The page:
Just about anybody remotely interested in how the world’s most admired places earned their adulation is going to love Dhiru Thadani’s new book: The Language of Towns and Cities. In it, Dhiru subtitles the book “A Visual Dictionary,” but as L.J. Aurbach points out in his blog review, it’s really an encyclopedia. And it couldn’t come at a better time.
What Dhiru offers is an 800-page compilation of our species’ success stories. Here, delivered with the customary Thadani elegance and illustrative efficiency, are the components of placemaking and how they’ve been honed over centuries to achieve interior and exterior spaces that not only appeal to the head and the heart but also represent high-performance design. Here’s proof that some stuff just works. And it works on just about any level we imagine.
The reason that sounds so remarkable is that these are not inspiring times, particularly for those holding onto to dreams of collaborative achievement or even collaborative competence or maybe even collaboration itself. We’re hard at work downsizing expectations and adjusting to the new normal in which less is really less.
A certain amount of that is long overdue. We overindulged the opposite attitude back when times were flush. So it wouldn’t be the worst thing in the world if we recommitted ourselves to something more basic, such as using the tools of placemaking to enable more health and happiness in community and less gold-plated isolation. We’re trying to encourage that train of thought in this space. See Hazel Borys’ post on planning for happiness here and Amanda Thompson’s related health argument here.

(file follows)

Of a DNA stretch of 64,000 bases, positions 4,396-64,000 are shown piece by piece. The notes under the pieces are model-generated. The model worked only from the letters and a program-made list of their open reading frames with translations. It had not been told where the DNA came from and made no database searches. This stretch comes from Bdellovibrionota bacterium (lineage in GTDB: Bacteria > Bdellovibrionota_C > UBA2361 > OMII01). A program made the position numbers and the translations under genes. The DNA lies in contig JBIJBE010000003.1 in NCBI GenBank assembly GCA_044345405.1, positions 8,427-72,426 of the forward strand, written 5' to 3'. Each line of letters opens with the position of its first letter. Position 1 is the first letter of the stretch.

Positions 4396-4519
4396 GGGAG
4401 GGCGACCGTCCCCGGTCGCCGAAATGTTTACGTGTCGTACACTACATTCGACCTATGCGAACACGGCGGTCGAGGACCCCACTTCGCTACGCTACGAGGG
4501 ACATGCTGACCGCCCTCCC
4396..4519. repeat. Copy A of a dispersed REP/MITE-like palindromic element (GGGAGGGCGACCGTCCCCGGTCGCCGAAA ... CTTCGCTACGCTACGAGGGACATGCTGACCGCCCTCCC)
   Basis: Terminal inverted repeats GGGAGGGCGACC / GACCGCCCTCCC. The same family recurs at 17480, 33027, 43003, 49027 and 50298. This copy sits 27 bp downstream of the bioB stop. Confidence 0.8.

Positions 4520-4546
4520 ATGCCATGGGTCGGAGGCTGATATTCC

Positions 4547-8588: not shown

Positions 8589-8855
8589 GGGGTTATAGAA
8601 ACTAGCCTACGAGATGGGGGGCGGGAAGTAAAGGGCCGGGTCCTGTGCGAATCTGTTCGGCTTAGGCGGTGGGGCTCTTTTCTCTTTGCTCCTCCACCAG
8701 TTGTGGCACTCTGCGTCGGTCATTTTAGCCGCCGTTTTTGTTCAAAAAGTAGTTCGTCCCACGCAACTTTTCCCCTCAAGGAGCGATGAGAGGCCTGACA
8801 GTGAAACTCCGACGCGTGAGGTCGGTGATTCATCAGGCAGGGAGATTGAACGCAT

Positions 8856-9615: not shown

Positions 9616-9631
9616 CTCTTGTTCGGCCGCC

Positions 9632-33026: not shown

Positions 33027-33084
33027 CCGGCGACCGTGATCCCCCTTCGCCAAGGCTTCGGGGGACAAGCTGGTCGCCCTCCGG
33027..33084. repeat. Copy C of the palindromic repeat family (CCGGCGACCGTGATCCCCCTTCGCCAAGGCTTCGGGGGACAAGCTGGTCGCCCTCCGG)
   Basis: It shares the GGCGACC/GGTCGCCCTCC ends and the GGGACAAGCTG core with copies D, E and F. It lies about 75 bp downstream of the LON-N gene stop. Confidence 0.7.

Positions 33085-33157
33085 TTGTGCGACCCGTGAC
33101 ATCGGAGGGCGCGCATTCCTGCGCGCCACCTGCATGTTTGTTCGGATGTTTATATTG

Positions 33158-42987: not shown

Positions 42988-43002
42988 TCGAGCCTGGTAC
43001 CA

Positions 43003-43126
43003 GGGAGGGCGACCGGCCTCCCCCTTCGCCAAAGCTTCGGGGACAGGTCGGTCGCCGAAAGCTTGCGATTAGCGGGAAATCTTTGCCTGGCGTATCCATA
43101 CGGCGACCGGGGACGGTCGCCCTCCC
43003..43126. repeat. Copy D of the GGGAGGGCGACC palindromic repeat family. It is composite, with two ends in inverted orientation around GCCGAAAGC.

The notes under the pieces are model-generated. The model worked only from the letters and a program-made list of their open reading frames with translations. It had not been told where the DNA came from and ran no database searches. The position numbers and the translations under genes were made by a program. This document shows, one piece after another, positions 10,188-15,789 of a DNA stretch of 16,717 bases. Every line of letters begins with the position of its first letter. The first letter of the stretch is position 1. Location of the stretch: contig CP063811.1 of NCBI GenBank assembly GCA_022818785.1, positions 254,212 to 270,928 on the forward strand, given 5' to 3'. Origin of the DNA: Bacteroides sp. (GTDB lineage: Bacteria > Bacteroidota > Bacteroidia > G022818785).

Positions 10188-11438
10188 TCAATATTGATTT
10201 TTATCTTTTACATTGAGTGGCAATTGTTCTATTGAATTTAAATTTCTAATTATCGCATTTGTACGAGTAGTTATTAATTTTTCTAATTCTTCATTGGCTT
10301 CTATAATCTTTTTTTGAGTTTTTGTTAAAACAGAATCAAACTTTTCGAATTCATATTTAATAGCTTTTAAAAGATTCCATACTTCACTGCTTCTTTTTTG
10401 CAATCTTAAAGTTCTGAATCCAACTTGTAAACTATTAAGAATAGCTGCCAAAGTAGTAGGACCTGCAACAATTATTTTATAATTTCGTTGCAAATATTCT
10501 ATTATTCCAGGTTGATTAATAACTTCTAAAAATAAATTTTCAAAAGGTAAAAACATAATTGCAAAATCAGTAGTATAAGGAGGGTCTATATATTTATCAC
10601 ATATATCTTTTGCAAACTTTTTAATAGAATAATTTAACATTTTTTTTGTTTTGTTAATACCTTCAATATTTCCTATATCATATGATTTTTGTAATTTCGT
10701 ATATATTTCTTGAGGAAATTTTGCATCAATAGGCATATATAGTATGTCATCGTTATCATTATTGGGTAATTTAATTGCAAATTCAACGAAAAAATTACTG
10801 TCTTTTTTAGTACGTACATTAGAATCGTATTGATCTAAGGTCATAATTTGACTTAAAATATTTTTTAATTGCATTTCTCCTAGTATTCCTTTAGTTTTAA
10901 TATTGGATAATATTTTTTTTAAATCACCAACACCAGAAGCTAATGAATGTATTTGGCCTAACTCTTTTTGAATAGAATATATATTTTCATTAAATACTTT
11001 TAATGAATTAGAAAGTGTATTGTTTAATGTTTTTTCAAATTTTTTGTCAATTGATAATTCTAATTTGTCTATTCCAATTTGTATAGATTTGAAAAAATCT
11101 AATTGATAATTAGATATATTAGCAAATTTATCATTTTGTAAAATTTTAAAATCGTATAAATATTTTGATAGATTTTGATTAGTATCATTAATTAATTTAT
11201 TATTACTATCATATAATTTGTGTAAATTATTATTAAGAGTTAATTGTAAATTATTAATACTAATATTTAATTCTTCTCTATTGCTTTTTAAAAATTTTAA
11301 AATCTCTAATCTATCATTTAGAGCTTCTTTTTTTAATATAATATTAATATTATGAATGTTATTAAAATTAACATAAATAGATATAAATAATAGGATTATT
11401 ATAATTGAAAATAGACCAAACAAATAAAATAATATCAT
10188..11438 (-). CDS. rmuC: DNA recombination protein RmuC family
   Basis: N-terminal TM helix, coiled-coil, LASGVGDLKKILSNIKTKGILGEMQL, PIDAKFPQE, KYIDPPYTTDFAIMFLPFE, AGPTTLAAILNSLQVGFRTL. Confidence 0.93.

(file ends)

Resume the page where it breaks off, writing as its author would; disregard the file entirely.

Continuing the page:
Yet I’m not so sure tweaking our priorities is going to be enough. Some bigger shift appears to be in the works.
As usual, Andres Duany is already out in front of the revolution, storming his own barricades. He helped shape the New Urbanist debating society that’s been bickering over its evolving manifesto for 30 years. Now, with global warming and the persistent recession on his mind, he’s up for a total rewrite. He hinted as much at the last CNU Congress. In 2011, get ready for the full reality-therapy agenda from Andres and from the NextGen crowd, who recently convened in New Orleans and seem to be working on their own plan for a New, New Urbanism.
I expect some of these themes will emerge when the usual suspects gather in Seaside over the weekend of Jan. 28-29 for the annual awarding of the Seaside Prize to a much-revered New Urbanist leader. This year’s honored recipient: Dhiru Thandani.
Couldn’t be a better time to marry glimpes of the potential for our species’ perfectability with the need to face the facts of new era challenges.